Once again, steps were taken to contain the disease and it was in 1994 again
declared eradicated (Gaskalla 2006).
Canker-infected plants were in 1995 again reported from south Florida, in the
vicinity of Miami International Airport. An aggressive USDA-administered
eradication program was established but proved unsuccessful. The Florida 2004
and 2005 hurricanes facilitated the spread of citrus canker in the state to the
point that eradication was no longer deemed possible. Federal funds for
eradication were withdrawn in 2006 and the response strategy shifted to a
management and containment plan (Gaskalla 2006).
Although individual plant quarantines have been eliminated, a USDA statewide
quarantine remains in effect which places restrictions on the transport of
harvested citrus or plant stocks out of the state. Transport of material to
other citrus-producing states is prohibited. Prior to the 2006 lifting of
individual quarantines, more than 600,000 ha of Florida land had been placed
under enforced quarantine (FDOACS
undated, Gaskalla 2006).
The citrus canker pathogen was first reported in Palm Beach County in 1999 and in Martin County from a commercial citrus
grove in 2001. Citrus canker in the IRL region north of Martin County largely
did not occur until after the 2004 hurricanes. The post-hurricane appearance of canker was first reported from
St. Lucie County in December 2004, from a sentinel survey site in
Port St. Lucie. The first reports from Indian River County were
post-hurricanes, December 2004, in a grove near the Indian River/St. Lucie
county line. Confirmed reports of the disease in Brevard County as of 2005
were confined to a handful of residential sites.
The citrus canker pathogen has been spread through the transport of fruit,
plants, and equipment, and dispersal appears to be greatly facilitated by wind
and rain. Overhead irrigation systems may also facilitate movement of citrus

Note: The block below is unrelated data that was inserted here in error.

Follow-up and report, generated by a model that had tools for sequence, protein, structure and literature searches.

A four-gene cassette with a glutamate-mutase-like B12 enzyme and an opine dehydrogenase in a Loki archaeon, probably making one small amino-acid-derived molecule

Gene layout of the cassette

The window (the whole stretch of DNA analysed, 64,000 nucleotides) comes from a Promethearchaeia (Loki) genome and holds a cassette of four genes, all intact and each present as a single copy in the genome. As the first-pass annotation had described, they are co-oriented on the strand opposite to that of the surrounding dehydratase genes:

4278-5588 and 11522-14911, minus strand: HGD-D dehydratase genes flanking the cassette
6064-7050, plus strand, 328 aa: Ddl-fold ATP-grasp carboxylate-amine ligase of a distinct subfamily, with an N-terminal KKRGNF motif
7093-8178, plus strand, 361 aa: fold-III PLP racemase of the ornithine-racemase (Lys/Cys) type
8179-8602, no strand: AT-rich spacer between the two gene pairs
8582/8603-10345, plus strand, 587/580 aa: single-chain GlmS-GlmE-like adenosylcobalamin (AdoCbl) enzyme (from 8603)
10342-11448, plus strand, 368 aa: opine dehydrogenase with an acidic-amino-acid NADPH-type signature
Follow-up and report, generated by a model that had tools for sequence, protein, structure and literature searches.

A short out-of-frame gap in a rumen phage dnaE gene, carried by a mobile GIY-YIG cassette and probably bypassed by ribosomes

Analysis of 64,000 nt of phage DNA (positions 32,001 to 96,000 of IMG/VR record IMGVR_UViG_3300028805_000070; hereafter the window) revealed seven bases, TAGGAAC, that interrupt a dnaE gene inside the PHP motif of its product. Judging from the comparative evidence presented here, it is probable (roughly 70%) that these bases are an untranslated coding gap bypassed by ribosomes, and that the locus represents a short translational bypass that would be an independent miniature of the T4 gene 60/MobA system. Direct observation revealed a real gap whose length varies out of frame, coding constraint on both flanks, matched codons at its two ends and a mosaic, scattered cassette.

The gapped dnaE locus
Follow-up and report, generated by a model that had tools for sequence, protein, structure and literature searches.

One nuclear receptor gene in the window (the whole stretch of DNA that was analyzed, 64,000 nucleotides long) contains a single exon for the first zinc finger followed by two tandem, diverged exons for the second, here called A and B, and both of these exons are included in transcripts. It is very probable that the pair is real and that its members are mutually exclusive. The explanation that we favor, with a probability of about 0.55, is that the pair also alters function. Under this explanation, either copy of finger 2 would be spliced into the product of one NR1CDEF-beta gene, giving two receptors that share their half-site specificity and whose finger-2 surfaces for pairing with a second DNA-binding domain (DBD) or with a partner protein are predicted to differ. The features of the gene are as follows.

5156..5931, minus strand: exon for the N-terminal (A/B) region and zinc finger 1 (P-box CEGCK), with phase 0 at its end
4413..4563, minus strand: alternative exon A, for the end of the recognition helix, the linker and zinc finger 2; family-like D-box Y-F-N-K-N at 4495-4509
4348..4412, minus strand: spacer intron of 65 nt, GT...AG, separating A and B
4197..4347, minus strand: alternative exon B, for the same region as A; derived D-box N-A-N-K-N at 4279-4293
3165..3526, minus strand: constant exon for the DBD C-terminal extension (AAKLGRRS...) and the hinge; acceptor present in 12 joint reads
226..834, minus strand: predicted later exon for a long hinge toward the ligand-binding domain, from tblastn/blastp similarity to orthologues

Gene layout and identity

canker as does the leaf-burrowing activity of larval P. citrella.
Potential to Compete With Natives:
The biological impact of X. aurantifolii pv. citri is primarily
as a plant pathogen; competition with native microbial species remains
Possible Economic Consequences of Invasion:
X. aurantifolii pv. citri is a serious disease agent of citrus
crops in Florida and elsewhere. Infected trees exhibit a gradual decline in
health and fruit production until they eventually succumb to the disease. As
of January 2006, more than 15 million commercial trees in groves and nurseries
had been destroyed in Florida as a result of efforts to eradicate citrus
canker. Nearly 1 million residential trees were destroyed as well (Gaskalla
Transport of live citrus plants in and out of Florida is currently prohibited.
Homeowners who wish to plant citrus trees must purchase certified symptom-free
citrus plants through nurseries registered with the state (FDOACS 2006).
Campbell N.A., Reece J.B. and L.G. Mitchell. 1999. Biology. Fifth Edition.
Addison Wesley Longman, Inc., CA. 1,175 p.
Florida Department of Agriculture and Consumer Services (FDOACS), Division of
Plant Industry. 2006. Citrus Canker Quarantine Information: Schedule 20.
Gaskalla R. 2006. Comprehensive Report on Citrus Canker Eradication Program in
Florida Through 14 January 2006 Revised. Florida Department of Agriculture and
Consumer Services, Division of Plant Industry. 25 p.
Gottwald T.R., Graham J.H., and T.S. Shubert. 2002. Citrus canker: The pathogen
and its impact. Plant Health Progress doi:10.1094/PHP-2002-0812-01-RV.
Integrated Plant Genetics Inc. Undated. Citrus Canker In-Depth. Available
Kumar S., Mackie A., and N. Burges. 2004. Citrus canker: Exotic threat to
Wewstern Australia. State of Western Australia Department of Agriculture
Factsheet No. 13/2004.
Starr M.P, and W.L. Stephens. 1964. Pigmentation and taxonomy of the genus
Xanthomonas. Journal of bacteriology 87:293-302.
J. Masterson, Smithsonian Marine Station
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Page last updated: December 1, 2007